Alberta producers concerned with economic sustainability after carbon tax ruling

Written by Submitted

Following the Supreme Court of Canada ruling Thurs. March 25 affirming the constitutionality of the federal carbon tax, Team Alberta is calling on the Government of Alberta to take a leadership role in creating a ‘Made in Alberta’ climate plan that will ensure the economic sustainability of Alberta farmers.

Team Alberta – a collaboration of Alberta Barley, Alberta Canola, Alberta Pulse Growers and the Alberta Wheat Commission – notes that without offsetting measures Canadian farmers will become uncompetitive in international markets due to a carbon tax, which is set to reach $170 per tonne by 2030.

In turn, this threatens the affordability of Canada’s domestic food supply. 

Roughly 80 per cent of Alberta’s crop production is exported.

The crop sector has made significant contributions to the reduction of greenhouse gas (GHG) emissions through the adoption of minimum tillage and precision farming practices.

Western Canadian crop farmers have continually enriched their agricultural soils.

Since the year 2000, Alberta soils have sequestered more carbon than emitted.

Additionally, the Alberta Conservation Cropping Protocol is set to expire at the end of 2021, which removes one of the few programs that acknowledges farmers for their positive contributions to the environment.

Team Alberta insists the provincial government collaborates on the creation of a new Soil Carbon Enhancement Protocol so farmers can be compensated for the carbon they continue to sequester through soil stewardship.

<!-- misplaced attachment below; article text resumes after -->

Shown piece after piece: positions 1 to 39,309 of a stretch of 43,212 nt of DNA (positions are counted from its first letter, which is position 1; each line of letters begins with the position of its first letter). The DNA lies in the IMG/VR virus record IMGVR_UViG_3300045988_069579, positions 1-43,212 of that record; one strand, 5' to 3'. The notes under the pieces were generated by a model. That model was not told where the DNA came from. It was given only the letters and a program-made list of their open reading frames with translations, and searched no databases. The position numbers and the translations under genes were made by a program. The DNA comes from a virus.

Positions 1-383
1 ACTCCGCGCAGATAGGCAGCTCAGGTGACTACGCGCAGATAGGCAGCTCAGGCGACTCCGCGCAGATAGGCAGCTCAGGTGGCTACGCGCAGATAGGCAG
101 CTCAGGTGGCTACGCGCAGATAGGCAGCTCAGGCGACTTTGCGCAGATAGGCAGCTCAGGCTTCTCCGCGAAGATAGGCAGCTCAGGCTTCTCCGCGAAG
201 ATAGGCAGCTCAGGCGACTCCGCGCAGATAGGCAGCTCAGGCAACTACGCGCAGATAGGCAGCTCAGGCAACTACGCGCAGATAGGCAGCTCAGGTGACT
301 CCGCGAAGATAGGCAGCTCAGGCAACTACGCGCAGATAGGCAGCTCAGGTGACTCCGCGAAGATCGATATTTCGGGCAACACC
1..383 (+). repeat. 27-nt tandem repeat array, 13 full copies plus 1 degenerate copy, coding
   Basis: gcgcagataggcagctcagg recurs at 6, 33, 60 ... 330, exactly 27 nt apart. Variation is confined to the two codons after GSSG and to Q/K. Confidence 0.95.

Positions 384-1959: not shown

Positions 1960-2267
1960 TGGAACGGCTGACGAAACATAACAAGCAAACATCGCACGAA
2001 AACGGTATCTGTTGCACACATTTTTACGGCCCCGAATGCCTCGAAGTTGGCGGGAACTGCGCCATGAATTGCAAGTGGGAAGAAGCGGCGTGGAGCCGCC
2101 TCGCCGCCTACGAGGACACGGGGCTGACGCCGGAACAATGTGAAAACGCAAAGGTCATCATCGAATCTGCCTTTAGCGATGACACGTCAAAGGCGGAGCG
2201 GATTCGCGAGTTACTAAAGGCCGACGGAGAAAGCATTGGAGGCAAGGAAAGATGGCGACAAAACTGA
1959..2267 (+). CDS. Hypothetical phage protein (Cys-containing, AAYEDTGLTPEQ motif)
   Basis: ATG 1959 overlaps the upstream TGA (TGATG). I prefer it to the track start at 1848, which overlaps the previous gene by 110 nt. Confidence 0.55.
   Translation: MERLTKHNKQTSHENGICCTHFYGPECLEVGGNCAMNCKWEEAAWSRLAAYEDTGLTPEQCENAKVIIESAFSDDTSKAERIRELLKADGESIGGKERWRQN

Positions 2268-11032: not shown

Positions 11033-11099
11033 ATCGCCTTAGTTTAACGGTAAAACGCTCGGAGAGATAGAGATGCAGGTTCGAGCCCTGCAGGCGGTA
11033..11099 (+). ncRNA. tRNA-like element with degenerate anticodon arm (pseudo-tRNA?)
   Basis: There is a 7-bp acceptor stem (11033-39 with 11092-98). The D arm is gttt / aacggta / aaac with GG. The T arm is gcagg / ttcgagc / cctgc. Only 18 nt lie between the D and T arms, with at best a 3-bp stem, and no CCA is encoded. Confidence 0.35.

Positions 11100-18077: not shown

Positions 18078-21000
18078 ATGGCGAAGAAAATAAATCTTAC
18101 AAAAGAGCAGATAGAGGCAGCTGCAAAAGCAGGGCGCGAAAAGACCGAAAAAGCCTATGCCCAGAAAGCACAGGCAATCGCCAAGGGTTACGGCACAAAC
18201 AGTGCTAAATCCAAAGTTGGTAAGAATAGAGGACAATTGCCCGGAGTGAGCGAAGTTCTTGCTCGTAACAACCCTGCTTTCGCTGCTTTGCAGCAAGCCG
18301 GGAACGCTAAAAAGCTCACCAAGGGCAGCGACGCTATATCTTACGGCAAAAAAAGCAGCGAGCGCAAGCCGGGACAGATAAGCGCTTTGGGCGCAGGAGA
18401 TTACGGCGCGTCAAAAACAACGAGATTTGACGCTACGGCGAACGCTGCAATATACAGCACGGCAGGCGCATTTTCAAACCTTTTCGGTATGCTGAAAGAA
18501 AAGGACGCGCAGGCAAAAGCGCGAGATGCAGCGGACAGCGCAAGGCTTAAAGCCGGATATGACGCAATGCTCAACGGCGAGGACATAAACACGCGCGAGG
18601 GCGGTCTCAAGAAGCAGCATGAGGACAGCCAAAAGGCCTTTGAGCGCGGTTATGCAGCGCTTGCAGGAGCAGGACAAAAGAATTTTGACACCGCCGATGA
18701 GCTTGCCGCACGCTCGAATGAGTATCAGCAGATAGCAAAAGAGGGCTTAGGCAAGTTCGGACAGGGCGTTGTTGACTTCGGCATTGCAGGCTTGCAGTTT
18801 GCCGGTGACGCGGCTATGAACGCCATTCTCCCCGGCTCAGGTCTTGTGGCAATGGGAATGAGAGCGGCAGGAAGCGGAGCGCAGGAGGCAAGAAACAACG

A price on carbon that is embedded in a wide range of crop inputs and the cost of transporting those commodities to market, will put the livelihoods of Alberta farmers in jeopardy.

Currently, the provincial and federal governments have climate plan consultations in progress, and Team Alberta encourages both governments to include agriculture as a vital industry that is part of the climate change solution, while ensuring the economic viability of Canada’s food production.

In January 2020 – in the absence of a federally approved provincial plan – the federal carbon tax backstop was imposed in Alberta.

The tax is currently at $30 per tonne and is expected to climb until it hits $170 tonne in 2030.

Based on Team Alberta calculations, the carbon tax will exceed the cost of the propane and natural gas used to operate grain dryers within the next two years.

 

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